It feels wasteful to write about writing. If I’m going to sit here and type, shouldn’t I type the things themselves instead of typing about the things? Yet, up there it does say that this is in part a writing blog. So I’ll bite. Or rather, you bite. I’ll tug.
I finished the first story of a fan-fiction on Wattpad today (this one, about Capt. Jack Sparrow and Dr. Frank N. Furter). I actually finished it probably over ten years ago now, but this is a re-write that’s actually, you know, good. There are thousands of pages of this story sitting in two binders, and I’m polishing them up nice n’ shiny for the Internet.
Because rejection is awful, you guys. Rejection is sad. But more than that, rejection is necessary. It’s the stuff that fills the middle chapters, before you get something published but after you embark on your little writer’s dream. If you are a bad writer, you will get rejected. It’s just as true, though, that you will get rejected if you are a good writer.
Which one am I? I have no idea. I only know that I have to stick out the rejection for as long as I can. I have to keep writing (easy), and keep submitting (way harder), if I ever want to see success. This could either be my lot entirely, or just the hazing period, and I’ll never know unless I keep trying.
Wattpad, posting this fan-fiction, is a morale-booster for the meantime. I get followers. People give me little virtual back-pats. I don’t worry so much about every little word and bit of punctuation. I let things flow. I flex my brain and fingers. There’s an energy in writing these stories — re-writing them, re-working them — that is closer to the imaginative transportation I experienced as a kid and teenager.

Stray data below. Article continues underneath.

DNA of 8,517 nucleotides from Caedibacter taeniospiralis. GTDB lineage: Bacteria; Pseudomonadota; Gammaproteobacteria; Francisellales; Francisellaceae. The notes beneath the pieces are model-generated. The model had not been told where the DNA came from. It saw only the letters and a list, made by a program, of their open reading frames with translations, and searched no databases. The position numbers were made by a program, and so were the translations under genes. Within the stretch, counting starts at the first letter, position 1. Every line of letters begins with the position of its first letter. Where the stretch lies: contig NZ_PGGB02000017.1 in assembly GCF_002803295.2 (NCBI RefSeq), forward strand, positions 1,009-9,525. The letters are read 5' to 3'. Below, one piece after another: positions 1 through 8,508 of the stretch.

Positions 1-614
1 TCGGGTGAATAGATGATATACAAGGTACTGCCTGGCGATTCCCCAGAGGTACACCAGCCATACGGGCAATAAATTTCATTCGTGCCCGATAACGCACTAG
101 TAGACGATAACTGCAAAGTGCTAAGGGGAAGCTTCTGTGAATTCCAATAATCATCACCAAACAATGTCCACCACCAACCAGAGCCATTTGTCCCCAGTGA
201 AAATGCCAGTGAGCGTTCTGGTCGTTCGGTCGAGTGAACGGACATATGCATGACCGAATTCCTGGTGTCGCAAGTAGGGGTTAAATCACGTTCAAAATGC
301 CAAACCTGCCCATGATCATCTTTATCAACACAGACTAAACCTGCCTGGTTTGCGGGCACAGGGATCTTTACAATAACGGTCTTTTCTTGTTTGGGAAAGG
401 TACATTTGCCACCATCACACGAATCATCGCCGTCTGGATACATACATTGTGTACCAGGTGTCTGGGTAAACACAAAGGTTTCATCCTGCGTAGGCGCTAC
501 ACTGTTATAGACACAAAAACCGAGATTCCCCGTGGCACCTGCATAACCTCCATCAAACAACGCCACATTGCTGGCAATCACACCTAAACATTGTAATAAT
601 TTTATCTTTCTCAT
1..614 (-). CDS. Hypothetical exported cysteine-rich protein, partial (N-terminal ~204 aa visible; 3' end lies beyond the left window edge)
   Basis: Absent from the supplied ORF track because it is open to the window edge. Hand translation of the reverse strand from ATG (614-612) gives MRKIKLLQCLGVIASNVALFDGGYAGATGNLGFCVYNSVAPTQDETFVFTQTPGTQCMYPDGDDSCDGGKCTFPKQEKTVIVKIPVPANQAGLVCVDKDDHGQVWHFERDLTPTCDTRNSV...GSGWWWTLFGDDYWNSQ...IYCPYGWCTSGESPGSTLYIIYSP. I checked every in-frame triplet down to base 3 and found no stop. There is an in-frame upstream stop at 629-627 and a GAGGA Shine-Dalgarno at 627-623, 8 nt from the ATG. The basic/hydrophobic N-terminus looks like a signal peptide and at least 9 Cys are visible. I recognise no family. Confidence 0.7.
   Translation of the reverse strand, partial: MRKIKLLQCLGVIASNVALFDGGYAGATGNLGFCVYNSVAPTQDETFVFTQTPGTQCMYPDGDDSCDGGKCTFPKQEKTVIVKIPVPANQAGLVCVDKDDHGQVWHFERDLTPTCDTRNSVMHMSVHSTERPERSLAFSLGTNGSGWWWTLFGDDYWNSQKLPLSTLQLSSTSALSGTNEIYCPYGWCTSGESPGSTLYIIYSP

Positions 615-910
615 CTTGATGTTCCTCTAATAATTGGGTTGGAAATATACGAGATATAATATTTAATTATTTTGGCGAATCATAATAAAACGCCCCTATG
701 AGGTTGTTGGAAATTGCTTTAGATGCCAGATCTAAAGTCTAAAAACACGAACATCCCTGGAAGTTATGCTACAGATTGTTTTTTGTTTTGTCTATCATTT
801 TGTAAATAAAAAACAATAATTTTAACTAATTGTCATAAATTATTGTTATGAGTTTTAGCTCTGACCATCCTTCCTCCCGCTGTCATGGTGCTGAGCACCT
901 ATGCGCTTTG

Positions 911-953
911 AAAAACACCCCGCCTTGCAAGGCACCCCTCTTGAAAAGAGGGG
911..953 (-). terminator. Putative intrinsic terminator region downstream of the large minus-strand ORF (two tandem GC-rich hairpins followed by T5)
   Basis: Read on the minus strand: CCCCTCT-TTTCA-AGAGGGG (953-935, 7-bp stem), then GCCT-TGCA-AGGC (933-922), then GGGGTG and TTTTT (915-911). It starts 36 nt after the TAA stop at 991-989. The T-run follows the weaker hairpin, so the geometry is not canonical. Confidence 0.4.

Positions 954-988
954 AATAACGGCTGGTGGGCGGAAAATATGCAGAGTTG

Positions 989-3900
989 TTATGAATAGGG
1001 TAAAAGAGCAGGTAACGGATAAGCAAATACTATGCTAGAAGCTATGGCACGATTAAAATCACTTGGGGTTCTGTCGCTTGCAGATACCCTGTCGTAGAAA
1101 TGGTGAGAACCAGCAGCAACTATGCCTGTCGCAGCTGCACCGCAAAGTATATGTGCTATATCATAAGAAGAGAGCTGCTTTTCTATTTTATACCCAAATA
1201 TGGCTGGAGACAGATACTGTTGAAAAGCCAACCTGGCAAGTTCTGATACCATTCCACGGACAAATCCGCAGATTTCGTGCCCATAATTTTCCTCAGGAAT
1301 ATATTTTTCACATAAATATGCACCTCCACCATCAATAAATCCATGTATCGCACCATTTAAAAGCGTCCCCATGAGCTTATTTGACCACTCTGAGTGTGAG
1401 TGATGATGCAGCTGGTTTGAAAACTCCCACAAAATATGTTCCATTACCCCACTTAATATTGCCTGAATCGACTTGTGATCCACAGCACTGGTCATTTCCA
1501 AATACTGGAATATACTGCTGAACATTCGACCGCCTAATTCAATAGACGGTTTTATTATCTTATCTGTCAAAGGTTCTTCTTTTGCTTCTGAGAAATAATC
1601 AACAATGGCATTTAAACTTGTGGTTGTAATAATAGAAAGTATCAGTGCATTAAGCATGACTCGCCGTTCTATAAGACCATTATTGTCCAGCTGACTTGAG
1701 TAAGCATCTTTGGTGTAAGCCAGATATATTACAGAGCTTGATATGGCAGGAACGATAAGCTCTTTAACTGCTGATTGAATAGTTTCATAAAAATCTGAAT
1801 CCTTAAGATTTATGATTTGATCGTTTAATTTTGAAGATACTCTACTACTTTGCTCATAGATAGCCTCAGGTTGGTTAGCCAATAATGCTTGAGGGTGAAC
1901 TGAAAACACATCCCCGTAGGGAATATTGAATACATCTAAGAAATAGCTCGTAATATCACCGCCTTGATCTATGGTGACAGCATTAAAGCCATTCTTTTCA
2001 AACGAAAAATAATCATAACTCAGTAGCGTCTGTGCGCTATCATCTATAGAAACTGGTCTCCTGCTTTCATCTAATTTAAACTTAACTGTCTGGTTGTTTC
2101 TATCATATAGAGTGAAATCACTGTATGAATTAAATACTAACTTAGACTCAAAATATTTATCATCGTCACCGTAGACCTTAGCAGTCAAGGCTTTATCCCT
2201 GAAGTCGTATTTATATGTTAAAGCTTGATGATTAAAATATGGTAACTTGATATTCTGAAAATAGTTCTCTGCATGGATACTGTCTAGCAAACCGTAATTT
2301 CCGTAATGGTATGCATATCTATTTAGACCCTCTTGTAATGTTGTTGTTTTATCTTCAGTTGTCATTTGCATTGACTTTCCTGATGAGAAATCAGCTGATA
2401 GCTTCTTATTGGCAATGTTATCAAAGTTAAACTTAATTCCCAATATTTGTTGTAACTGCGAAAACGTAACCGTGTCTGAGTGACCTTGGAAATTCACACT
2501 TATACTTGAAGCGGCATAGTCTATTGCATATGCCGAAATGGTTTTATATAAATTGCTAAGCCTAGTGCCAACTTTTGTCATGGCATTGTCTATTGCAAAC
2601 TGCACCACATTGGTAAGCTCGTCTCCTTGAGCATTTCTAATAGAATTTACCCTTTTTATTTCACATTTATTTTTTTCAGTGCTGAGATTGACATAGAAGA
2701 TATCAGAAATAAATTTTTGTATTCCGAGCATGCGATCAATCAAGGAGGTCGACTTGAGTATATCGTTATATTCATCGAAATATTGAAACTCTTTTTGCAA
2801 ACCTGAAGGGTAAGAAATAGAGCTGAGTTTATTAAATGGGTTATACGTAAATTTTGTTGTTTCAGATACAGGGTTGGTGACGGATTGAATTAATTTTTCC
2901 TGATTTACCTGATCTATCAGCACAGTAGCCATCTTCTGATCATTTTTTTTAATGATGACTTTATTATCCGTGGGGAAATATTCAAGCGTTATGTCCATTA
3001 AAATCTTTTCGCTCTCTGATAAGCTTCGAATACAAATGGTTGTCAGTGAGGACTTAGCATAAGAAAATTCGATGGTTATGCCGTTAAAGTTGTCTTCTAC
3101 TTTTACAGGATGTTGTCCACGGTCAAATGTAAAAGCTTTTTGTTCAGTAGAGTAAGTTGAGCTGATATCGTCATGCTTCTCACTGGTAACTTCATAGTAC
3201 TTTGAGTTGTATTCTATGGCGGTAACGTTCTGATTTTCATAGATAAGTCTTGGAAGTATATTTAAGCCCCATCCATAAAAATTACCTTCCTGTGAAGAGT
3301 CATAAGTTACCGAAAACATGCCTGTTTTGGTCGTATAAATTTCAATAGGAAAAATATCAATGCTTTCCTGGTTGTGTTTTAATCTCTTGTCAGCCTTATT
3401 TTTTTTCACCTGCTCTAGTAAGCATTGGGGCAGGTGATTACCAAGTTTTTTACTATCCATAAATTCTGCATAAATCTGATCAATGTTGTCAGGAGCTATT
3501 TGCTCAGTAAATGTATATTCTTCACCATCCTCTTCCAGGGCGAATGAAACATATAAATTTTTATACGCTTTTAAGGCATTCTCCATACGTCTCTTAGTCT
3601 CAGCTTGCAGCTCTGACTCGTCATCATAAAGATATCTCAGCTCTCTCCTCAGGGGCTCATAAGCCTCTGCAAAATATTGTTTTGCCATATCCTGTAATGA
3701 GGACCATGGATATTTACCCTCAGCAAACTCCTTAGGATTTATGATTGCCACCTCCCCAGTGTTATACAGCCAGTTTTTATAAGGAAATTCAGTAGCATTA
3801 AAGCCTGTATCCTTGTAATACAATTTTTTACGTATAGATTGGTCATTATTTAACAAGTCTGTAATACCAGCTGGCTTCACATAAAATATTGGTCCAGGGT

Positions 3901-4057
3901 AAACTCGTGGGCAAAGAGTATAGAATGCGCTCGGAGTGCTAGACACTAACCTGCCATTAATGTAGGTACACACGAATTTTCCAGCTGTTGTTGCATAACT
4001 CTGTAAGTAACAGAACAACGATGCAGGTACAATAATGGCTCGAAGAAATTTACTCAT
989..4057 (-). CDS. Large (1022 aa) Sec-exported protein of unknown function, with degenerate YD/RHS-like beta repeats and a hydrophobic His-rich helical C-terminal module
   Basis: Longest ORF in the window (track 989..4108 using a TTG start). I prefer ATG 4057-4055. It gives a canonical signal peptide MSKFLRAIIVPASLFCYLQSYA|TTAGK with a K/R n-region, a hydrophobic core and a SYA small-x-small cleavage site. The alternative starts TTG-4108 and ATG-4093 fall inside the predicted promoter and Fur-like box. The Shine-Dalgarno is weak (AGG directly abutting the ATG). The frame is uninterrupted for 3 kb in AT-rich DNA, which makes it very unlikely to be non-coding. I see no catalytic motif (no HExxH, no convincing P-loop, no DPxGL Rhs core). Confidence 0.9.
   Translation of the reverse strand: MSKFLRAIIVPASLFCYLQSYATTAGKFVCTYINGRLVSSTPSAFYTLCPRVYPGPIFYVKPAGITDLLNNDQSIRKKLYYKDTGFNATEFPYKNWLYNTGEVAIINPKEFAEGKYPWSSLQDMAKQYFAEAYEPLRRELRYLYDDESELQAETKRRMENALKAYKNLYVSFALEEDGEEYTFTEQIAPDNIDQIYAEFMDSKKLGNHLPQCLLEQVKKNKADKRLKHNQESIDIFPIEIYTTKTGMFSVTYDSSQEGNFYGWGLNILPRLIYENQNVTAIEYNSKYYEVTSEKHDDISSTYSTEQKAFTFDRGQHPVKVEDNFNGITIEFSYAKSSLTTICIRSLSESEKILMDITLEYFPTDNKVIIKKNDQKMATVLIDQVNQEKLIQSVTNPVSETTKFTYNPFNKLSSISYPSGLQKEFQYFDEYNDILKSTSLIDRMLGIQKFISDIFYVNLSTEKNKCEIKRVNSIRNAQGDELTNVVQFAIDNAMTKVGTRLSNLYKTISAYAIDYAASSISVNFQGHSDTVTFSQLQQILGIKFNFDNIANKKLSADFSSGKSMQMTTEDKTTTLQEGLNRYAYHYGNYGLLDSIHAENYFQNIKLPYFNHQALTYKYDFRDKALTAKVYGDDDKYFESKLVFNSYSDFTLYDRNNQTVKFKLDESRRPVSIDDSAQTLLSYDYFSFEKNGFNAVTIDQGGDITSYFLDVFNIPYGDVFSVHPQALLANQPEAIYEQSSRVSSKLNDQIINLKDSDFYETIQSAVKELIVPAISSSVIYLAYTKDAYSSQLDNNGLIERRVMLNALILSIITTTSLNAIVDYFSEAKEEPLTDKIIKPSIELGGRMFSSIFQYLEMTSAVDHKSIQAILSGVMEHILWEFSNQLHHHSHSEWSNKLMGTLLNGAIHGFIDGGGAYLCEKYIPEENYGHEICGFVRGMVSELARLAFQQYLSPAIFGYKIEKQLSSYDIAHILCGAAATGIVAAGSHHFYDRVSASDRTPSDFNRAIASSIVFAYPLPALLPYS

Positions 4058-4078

And I don’t have to wait around for a reaction that is usually negative, or just bored. I get positive reinforcement, almost immediately. And I am not too proud to say I need it. I really, really do. Otherwise, I’d give up. I wouldn’t send original fiction to the New Yorker because, whatever, it’s just another rejection at worst!
I couldn’t be as care-free about it. I’d just keep my original work to myself.
I submitted a piece to an anthology (that was calling for mostly Canadian work) a couple of weeks ago and got my first-ever really personal rejection. The story wasn’t for them, the publisher wrote, but then they gave a few things that they felt made the story a good read. They said I was welcome to submit again, but it would have to be really excellent for them to take even one story outside of Canada. I thought I really must be getting somewhere, to get such attention and praise. Then I wondered if they were just being nice because they’re Canadian.
Then I started figuring out where the story should go next.
It’s a hard step, the one forward, after someone says “No thanks.” I’m not sure you can truly grasp how difficult it is unless you’ve been there, finally getting some correspondence after weeks — sometimes months — of waiting, from correspondents who are as uninterested in you as you have been obsessed with them.
I have two other stories out now, which I expect will be rejected even as I hope they won’t be. The odds are not in my favor. They never will be. But I cannot stop, if this is what I want. I guess what I’m saying is that I’m not ashamed of doing what I have to do, of playing in the fan-fiction sandbox, so that I can get on with work (my original prose). You shouldn’t begrudge yourself your guilty pleasures either. If fear is in the way of your journey to maybe-success-but-maybe-just-spectacular-waste-of-time-and-thus-ultimate-failure, then find a thing that helps the metaphorical medicine go down.
No pain, no gain, sure. But also, no one said you couldn’t use Band-Aids or anything.